An overwhelming majority voted in support of Measure Q2021, which calls for a new taxation schedule that significantly increases tax on cannabis manufacturers and distributors doing business in the city of Lompoc.
The measure, which was added to the Sept. 14 gubernatorial special election ballot by Lompoc voters via a special mail-in ballot election held on Aug. 31, will generate an estimated $1.2 million in annual revenue for the city based on existing businesses, according to reports.
Final election results show that out of 6,460 votes cast, 76.03% of voters favored the measure, while 23.97% voted against.
According to Mayor Jenelle Osborne, no immediate actions will be taken prior to April 1, 2022, when collection of the new tax rate is set to begin.
Industry professionals, however, will receive a notice from city officials after election results are confirmed in 30 days and a reminder closer to the date of implementation of the new tax, Osborne said.
Businesses that will be impacted include cannabis manufacturers and distributors, while dispensaries and testing labs such as Merso Labs in Lompoc — which conducts cannabinoid testing up and down the Central Coast — will remain largely unaffected, Osborne said.
"What did change for dispensaries is the ability to actually print this rate on receipts of purchase and not 'absorb' the tax," she added.
Currently, qualifying cannabis businesses with a net income of $2 million pay a flat fee of $15,000 annually, while those with a net income above $2 million pay a flat $30,000 to operate out of Lompoc.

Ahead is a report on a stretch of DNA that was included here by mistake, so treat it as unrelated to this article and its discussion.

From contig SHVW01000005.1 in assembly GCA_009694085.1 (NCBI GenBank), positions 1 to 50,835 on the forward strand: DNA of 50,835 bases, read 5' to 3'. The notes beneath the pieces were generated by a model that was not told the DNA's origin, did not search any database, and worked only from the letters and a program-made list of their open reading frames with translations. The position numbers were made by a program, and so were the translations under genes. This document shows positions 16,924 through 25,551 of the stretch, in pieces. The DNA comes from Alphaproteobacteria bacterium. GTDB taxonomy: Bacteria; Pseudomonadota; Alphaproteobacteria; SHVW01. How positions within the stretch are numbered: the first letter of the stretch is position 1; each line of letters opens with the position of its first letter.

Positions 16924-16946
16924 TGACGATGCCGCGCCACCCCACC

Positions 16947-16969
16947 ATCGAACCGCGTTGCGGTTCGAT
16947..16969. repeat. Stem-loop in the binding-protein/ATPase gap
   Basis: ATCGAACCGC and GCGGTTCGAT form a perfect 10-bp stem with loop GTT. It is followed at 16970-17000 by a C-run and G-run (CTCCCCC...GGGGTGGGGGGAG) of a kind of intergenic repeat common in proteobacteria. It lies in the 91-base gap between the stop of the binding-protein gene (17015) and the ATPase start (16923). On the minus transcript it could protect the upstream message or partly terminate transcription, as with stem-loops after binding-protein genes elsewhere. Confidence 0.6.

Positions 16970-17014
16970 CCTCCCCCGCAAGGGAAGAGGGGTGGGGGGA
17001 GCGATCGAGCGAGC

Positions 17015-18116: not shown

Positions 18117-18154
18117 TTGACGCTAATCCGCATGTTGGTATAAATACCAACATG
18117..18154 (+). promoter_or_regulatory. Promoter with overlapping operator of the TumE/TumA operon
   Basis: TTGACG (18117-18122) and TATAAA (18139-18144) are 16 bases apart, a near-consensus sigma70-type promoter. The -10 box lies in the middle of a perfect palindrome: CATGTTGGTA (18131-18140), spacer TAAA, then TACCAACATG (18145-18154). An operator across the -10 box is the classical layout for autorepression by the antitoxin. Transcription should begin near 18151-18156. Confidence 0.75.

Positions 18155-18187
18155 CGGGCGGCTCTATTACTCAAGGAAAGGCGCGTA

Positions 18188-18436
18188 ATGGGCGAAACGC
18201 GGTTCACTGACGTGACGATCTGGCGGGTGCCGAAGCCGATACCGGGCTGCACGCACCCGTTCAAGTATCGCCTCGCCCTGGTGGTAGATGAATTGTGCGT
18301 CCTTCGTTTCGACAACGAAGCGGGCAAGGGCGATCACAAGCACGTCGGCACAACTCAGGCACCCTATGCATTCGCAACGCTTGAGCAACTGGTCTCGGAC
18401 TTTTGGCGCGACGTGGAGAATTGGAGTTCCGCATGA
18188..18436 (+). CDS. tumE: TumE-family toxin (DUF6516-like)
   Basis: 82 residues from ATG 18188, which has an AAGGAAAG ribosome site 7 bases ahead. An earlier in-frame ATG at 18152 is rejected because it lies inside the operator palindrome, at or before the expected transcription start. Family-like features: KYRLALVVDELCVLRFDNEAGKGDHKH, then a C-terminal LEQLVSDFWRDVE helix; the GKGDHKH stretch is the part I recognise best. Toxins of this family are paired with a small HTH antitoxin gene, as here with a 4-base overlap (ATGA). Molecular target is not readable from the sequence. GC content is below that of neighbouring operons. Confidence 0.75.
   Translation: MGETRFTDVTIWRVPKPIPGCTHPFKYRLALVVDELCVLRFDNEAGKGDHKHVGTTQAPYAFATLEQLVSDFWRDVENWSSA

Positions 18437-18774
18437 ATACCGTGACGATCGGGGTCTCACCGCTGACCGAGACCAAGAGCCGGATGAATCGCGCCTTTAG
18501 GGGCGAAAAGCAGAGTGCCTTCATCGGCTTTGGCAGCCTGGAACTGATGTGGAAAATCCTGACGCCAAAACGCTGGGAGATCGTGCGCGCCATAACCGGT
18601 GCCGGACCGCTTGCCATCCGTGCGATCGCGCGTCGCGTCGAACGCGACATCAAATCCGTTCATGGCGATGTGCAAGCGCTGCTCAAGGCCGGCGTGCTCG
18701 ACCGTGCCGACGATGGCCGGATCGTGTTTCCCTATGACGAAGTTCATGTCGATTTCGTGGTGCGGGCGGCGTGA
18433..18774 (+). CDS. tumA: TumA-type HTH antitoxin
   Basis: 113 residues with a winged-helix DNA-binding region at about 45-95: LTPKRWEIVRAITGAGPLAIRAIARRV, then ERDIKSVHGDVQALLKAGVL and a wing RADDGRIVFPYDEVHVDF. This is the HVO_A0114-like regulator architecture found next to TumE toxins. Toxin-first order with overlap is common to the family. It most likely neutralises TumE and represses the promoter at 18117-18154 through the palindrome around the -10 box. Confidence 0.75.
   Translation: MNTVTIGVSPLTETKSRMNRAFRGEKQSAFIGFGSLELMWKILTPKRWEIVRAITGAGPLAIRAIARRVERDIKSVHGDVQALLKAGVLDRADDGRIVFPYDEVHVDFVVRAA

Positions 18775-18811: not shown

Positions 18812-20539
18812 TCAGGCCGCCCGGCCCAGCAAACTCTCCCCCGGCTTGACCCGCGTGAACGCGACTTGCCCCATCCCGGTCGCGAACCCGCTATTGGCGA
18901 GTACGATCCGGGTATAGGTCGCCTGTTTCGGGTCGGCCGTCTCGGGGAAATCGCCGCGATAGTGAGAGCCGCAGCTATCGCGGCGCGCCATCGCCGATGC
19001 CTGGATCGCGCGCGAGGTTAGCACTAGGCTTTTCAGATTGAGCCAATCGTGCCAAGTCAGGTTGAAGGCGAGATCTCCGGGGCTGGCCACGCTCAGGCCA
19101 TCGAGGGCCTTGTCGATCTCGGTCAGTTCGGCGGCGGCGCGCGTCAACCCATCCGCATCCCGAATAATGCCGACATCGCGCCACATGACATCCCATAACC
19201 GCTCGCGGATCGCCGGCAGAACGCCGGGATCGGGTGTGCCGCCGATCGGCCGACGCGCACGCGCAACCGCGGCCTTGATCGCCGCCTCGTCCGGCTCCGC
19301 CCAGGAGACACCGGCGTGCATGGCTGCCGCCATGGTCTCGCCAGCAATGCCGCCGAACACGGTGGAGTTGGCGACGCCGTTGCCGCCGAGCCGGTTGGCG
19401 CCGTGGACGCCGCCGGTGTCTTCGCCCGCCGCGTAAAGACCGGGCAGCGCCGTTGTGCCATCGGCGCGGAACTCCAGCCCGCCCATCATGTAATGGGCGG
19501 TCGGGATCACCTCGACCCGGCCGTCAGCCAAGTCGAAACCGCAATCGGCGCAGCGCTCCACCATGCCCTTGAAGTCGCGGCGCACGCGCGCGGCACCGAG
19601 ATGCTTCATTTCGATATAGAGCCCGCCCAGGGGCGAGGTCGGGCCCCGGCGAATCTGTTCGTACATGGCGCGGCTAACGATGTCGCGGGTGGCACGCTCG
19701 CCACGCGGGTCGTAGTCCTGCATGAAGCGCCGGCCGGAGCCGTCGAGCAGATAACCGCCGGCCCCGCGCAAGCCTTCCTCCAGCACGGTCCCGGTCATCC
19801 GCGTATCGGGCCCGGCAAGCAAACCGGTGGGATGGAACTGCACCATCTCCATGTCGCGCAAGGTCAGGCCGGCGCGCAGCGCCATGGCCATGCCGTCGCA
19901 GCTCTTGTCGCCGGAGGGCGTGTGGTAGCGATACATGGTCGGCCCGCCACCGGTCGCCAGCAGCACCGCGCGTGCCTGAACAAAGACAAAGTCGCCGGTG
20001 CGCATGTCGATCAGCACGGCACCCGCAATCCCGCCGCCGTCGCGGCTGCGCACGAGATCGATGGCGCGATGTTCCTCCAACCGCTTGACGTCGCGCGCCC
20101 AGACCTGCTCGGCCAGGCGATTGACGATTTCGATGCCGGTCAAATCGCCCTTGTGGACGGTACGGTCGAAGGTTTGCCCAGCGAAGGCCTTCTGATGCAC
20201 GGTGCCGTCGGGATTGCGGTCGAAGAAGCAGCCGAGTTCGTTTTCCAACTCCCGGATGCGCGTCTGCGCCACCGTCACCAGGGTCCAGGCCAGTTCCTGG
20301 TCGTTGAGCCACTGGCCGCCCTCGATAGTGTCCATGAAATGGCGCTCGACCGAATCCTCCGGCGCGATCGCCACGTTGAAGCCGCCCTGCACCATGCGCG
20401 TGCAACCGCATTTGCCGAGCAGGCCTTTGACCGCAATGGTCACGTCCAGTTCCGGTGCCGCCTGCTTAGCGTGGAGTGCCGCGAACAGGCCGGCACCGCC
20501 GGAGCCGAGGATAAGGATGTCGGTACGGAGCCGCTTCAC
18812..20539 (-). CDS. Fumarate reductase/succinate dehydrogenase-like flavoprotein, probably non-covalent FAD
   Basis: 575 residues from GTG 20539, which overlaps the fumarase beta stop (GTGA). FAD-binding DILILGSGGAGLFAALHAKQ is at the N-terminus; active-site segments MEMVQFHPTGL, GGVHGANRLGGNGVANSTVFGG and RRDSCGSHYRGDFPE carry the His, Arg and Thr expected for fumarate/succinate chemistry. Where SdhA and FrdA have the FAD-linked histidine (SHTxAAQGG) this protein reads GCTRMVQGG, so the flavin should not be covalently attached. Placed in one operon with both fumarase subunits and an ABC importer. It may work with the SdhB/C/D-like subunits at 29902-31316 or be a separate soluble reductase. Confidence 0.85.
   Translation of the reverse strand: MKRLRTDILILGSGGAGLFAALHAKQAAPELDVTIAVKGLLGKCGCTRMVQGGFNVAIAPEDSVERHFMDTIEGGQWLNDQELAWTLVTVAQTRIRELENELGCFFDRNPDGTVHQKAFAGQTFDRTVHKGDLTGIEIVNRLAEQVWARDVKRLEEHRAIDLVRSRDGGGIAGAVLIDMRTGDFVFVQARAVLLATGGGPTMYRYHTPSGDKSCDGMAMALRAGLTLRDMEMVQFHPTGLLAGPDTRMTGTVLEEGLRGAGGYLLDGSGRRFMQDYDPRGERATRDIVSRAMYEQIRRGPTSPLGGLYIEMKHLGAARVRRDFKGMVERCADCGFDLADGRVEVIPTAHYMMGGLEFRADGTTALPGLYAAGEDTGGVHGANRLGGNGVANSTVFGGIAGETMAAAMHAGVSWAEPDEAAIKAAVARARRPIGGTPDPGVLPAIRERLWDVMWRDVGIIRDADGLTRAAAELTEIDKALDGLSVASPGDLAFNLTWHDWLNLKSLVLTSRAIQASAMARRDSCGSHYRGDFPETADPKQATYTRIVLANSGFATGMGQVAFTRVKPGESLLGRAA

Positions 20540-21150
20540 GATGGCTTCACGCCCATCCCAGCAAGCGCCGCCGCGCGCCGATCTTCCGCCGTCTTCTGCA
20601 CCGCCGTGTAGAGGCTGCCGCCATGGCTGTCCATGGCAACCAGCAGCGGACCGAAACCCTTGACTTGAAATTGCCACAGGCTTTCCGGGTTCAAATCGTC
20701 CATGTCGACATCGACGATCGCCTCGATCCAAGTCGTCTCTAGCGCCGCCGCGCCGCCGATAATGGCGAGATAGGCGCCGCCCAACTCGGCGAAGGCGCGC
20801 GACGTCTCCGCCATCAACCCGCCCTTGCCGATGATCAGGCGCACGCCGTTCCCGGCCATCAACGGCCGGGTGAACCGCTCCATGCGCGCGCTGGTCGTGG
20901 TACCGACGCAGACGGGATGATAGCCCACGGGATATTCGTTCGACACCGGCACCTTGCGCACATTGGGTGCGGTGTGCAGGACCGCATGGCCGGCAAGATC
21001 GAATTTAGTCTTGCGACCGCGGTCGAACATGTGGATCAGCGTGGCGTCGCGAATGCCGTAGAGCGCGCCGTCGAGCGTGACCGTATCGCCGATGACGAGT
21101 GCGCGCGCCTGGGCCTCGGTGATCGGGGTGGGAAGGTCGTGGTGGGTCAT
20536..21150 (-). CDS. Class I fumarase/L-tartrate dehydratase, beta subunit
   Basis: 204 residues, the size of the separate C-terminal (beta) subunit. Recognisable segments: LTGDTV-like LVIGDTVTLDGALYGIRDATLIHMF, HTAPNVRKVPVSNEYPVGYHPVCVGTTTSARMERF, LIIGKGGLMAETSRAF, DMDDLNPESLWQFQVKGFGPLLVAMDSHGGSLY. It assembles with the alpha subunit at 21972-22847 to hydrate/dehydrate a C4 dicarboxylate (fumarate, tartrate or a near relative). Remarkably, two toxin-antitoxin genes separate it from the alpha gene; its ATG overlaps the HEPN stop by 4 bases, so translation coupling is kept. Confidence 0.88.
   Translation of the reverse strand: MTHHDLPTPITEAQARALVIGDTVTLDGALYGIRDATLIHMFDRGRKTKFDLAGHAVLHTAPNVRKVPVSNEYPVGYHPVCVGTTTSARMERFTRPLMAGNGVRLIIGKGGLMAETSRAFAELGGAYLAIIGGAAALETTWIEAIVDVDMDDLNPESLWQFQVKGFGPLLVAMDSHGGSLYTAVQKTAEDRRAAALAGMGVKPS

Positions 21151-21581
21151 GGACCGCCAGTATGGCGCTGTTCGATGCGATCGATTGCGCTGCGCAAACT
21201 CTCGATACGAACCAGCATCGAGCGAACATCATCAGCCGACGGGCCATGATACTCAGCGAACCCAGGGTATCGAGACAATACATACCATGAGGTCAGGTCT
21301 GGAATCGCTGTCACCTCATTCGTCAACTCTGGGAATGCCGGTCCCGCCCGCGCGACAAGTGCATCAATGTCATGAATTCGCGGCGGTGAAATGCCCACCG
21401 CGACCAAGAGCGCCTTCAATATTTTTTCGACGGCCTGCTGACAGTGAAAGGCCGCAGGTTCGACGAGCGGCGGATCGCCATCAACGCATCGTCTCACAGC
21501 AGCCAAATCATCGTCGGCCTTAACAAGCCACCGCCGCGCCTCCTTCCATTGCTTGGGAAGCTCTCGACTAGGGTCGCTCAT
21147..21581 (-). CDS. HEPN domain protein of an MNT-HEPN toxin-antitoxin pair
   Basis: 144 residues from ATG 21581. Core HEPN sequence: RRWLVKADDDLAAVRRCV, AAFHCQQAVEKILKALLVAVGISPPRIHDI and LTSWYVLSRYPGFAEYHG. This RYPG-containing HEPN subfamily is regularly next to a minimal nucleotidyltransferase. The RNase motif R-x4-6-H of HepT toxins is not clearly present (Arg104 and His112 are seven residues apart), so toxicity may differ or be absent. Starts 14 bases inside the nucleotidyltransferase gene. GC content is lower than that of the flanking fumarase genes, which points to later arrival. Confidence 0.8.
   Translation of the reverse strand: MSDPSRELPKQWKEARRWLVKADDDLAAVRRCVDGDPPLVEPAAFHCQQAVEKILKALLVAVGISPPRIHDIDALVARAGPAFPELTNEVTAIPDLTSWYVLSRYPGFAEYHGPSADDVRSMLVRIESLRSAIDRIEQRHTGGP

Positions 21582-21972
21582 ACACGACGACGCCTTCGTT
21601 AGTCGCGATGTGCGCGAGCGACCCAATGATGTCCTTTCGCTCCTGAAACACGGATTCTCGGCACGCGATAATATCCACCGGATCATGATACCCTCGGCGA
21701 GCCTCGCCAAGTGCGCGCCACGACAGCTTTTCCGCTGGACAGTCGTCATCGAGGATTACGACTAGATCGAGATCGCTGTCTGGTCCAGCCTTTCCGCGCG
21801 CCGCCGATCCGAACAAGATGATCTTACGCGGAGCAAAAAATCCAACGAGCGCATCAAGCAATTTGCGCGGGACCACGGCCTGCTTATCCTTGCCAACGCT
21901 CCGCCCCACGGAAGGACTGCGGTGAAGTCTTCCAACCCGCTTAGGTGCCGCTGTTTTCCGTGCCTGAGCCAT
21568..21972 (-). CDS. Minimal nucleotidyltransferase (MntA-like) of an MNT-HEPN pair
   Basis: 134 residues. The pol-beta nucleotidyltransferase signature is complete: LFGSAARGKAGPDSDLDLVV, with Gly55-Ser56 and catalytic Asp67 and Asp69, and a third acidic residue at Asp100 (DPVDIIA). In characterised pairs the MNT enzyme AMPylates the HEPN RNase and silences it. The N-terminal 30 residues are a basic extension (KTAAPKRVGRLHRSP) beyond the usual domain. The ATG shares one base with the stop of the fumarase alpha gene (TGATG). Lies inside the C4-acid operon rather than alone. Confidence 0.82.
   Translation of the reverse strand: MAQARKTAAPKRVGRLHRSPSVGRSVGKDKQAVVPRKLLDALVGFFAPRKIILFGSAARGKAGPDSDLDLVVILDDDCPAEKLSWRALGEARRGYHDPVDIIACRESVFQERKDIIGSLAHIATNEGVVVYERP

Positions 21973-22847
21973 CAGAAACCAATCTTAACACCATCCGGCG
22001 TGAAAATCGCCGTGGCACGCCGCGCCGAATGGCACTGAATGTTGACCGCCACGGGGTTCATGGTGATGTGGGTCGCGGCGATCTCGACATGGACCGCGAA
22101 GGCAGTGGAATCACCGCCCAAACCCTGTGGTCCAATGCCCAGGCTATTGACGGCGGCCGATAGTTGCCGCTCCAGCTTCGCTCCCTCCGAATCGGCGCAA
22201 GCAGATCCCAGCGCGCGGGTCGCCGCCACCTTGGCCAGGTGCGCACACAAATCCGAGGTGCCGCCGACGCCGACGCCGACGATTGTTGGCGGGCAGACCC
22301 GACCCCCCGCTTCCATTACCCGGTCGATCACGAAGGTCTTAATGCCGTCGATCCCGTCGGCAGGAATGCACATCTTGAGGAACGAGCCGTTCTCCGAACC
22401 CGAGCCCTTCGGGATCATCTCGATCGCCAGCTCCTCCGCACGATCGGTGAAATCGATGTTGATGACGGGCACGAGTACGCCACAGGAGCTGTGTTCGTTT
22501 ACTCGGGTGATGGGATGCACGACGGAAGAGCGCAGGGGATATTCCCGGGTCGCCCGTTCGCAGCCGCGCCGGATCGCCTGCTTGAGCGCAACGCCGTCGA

The new measure puts into effect a sliding tax schedule that will begin at half a cent per dollar for annual gross revenues of $10 million or less, which works out to $50,000 based on $10 million. The schedule goes up in increments of half a cent — 1% for revenues $10 million to $25 million, 1.5% for revenues $25 million to $40 million, and 2% on revenues $40 million to $55 million — and caps out at 2.5 cents per dollar for revenues of more than $55 million.
Ultimately, revenues collected will go into the general fund, which is used for public safety, parks, streets and the library.
"All of these areas have imminent and large needs, so these funds won’t solve all of the problems, but it will allow us to begin to repair and improve Lompoc," Osborne said.
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I advocated and supported the decision for the city council to authorize voters the opportunity to directly vote on modifying taxes but remain reserved on Measure Q2021’s claims to improve policing, parks, etc., especially after previous tax measures which advocated similar promises were used to give raises, whether deserved or not.
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